Letter to Younger Self
"Creative Corner" contribution by Elisabeth L. Chan, George Mason University
Dear Younger Me,
Wow, it’s been a minute. I’m a professor now... Can you believe it? Oh, and I decided to go back to school and get my Ph.D. Crazy, right? I know this is not what you had in mind for us. Haha… This is a little awkward, but I need to say…
I’m sorry. I hated and rejected many parts of you. I had some misguided notions about what you were supposed to be-- how you didn’t fit inside dominant white norms of society. I didn’t accept you for who you were, and that’s my bad. I now draw strength from us as a whole, less fractured person.
I remember you denying your heritage, refusing to say you were Chinese when people asked where you were from, saying instead you were from Tennessee (which you are), your mom was from New Jersey (which she is), and your dad was from Britain (well, a British colony).
Years from now, you’ll learn there’s nothing wrong with your Chinese-ness. It will become a source of pride in family and in yourself. You’ll be able to say the words “I’m Asian American” and eventually even “I am Chinese”... aloud... without hesitancy.
The loss of your heritage culture and the struggle and journey to regain it will fuel and shape your Ph.D. studies and your teaching philosophy. Rooting yourself in your culture will help you find your way to critical narrative methodologies. Knowing yourself and accepting yourself-- your epistemological and ontological commitments-- will lay a strong foundation for your identity as an activist-researcher and critical educator.
I honor your memory. You’ve been gone for many years now. I still hear a whisper of you, catch a shadow of you, here and there. I actually think about you often. I reflect on the lessons you taught me and how I have grown.
Schooling was painful. You hardly saw yourself represented. Well, last year we got our first Chinese version of Little House YA novel, so it’s just decades too late for you. I mean, I still read it, though, and thought how great it would have been for you.
You made yourself sick over grades. I’m sure it started when that white teacher called you and a white student to the side only to tell you that she beat you for top score in the class by like a point. I know you were thinking, “What was the point of calling you over in the first place just to tell you that?”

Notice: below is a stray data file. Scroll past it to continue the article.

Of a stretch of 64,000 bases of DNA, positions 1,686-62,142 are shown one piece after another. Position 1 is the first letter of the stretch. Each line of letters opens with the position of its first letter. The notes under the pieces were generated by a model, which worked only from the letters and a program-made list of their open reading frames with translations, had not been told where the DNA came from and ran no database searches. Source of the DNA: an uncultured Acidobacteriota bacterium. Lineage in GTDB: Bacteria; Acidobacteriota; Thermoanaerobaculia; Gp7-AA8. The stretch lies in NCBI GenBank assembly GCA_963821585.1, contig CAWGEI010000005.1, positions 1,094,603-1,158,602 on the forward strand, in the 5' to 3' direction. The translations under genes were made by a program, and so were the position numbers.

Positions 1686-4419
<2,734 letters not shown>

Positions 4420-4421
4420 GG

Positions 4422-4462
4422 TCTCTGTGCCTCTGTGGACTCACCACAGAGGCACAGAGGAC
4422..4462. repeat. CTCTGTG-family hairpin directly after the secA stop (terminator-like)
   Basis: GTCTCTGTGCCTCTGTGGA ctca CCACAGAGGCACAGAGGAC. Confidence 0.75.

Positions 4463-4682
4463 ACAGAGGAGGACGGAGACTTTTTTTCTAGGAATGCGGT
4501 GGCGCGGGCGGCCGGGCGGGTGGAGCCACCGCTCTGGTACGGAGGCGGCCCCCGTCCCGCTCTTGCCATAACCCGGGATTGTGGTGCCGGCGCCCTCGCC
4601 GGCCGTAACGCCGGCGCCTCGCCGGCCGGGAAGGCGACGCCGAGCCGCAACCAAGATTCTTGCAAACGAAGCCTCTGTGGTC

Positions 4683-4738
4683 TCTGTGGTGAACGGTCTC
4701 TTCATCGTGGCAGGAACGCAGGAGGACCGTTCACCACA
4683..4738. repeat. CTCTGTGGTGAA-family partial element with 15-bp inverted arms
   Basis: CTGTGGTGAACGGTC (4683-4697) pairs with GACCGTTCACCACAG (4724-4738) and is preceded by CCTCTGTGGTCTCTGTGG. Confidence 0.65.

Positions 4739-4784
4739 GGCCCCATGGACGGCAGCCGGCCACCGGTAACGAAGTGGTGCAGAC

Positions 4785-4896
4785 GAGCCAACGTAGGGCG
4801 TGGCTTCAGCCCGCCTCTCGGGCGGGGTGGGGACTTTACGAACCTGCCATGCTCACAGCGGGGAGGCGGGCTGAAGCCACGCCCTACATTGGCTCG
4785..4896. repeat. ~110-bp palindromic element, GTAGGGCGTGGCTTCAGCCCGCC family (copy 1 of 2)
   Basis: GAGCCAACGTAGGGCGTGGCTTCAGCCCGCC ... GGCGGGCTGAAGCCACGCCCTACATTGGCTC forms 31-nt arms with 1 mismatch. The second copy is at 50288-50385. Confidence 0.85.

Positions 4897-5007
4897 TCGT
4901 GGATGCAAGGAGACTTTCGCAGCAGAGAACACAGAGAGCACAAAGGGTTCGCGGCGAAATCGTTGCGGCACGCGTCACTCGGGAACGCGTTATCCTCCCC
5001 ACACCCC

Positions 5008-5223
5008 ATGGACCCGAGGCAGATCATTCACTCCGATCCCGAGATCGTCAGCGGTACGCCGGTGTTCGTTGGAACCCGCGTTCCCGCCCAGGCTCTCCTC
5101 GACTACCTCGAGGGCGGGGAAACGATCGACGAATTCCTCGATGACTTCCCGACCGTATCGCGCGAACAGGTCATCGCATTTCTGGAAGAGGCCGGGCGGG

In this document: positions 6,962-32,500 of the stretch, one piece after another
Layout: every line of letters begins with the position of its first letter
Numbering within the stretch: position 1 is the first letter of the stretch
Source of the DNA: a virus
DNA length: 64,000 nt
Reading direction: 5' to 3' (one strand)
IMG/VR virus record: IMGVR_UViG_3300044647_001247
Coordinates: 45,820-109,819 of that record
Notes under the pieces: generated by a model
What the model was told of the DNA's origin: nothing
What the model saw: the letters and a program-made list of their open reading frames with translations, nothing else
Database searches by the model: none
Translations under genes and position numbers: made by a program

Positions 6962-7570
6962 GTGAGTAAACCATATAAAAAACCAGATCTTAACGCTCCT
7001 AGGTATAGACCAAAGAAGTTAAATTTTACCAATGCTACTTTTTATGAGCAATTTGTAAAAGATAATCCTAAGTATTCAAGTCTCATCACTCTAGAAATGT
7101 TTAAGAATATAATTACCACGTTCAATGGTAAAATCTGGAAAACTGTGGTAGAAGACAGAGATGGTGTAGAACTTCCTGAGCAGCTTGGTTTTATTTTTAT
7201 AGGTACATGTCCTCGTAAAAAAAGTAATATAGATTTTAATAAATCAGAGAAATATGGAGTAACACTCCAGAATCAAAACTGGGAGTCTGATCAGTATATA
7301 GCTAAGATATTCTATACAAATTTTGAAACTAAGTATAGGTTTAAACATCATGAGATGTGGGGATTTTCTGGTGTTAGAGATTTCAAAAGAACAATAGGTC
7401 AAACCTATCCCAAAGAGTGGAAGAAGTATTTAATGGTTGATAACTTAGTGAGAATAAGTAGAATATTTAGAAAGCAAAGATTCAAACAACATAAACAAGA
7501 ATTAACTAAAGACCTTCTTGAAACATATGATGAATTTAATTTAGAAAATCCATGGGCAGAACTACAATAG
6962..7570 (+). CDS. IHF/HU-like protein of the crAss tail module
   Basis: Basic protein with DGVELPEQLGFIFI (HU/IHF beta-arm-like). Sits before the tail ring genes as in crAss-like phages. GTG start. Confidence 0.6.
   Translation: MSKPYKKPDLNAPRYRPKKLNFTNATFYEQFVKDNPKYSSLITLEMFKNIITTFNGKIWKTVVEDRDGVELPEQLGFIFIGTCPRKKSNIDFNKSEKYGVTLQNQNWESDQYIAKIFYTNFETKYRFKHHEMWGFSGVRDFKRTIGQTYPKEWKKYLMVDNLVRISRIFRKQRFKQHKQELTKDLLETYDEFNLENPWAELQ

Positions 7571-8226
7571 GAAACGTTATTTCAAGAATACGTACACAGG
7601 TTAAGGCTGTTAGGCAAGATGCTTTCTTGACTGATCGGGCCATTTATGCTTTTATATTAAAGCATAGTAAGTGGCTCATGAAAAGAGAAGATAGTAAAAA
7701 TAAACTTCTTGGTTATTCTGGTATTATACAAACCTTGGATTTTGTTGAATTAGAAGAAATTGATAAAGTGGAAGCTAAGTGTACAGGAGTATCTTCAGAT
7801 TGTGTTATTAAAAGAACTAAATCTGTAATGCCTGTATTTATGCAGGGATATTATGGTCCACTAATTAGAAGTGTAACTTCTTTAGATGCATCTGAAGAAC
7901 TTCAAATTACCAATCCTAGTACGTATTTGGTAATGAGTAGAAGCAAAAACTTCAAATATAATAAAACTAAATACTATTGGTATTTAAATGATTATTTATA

I know school has always been super important to you. Don’t worry. It still is. You are an educator now after all... but you problematize schooling now. All. The. Time.
You’ll learn about the forms of systemic racism infused in schooling and academia, and engage in ways of problematizing your own role within it as an educator and educational researcher as you continue building networks and exploring ways to transform schooling. Education has roots in white supremacy with a controlling, punitive-focused lens, of which grades are a part. Grades are often arbitrary and place unnecessary institutional stress and pressure on nonconformers. Grades don’t represent your self-worth. The letters that will matter more for you are B.S., M.A., Ph.D. In the end, you’ll realize grades aren’t as important as the network of people you know.
Thank you. You endured many hardships because of the uncertainty that you felt about who we were-- racially, ethnically, culturally. These blows hardened you and strengthened us-- we became resilient.
Remember when that guy asked if you could speak Chinese, and you were like, “no,” and he was like, “What a shame”? You got mad because you didn’t feel that you should feel shame for speaking English and not Chinese. Well… I have to say, I kind of agree with him, not because you should feel shame, but because the ways that the hegemony of English and societal structures, including schooling, robbed you of that piece of your heritage is shameful. I wish you didn’t wait until your late twenties to learn about your history of Chinese Americans in the U.S., the Chinese Exclusion Act, but especially the Mississippi Delta Chinese. It’s your history. It’s our history.
Maya Angelou*** said, “The more you know of your history, the more liberated you are.” Knowing there was a community with a history where you and your family fit would have tempered your resilience sooner, more evenly, less damaging-ly than the discriminatory, challenge-laden path you eventually wound your way down, getting closer to realizing your full potential.
Some say they wouldn’t trade all the pain and struggle because it made them who they are. You would probably agree with that, but I disagree with you. I would trade some of the trauma. The ends do not justify the means. You are already the great/grand/daughter of immigrants = strong. You would still become stronger, but you would draw your strength from different sources, like your heritage.
One of your strengths has been just taking chances and opportunities as they arise without overanalyzing the uncertainties that lie ahead. As you do that, surround yourself with good people. It will be harder for you to find mentors, so seek them out. Practice being confident, asking questions, and speaking up to find your voice.
Your older, somewhat wiser self
***Norman, C. (2012). Maya Angelou public radio special: Award-winning poet on why Black history month still matters. The Huffington Post.
Elisabeth L. Chan has over 15 years of experience as an English language educator. She has advocated for, presented, researched, and published on social justice, diversity, equity, and inclusion in TESOL, where she draws upon her lived experiences as a second/fourth-generation Chinese American from the U.S. South. She is currently ABD and 'dissertating' at George Mason University, specializing in Multilingual/Multicultural Education with a secondary in Interdisciplinary Critical Perspectives and Social Policy. She strives to center intersectionality, criticality, and relationality in her research.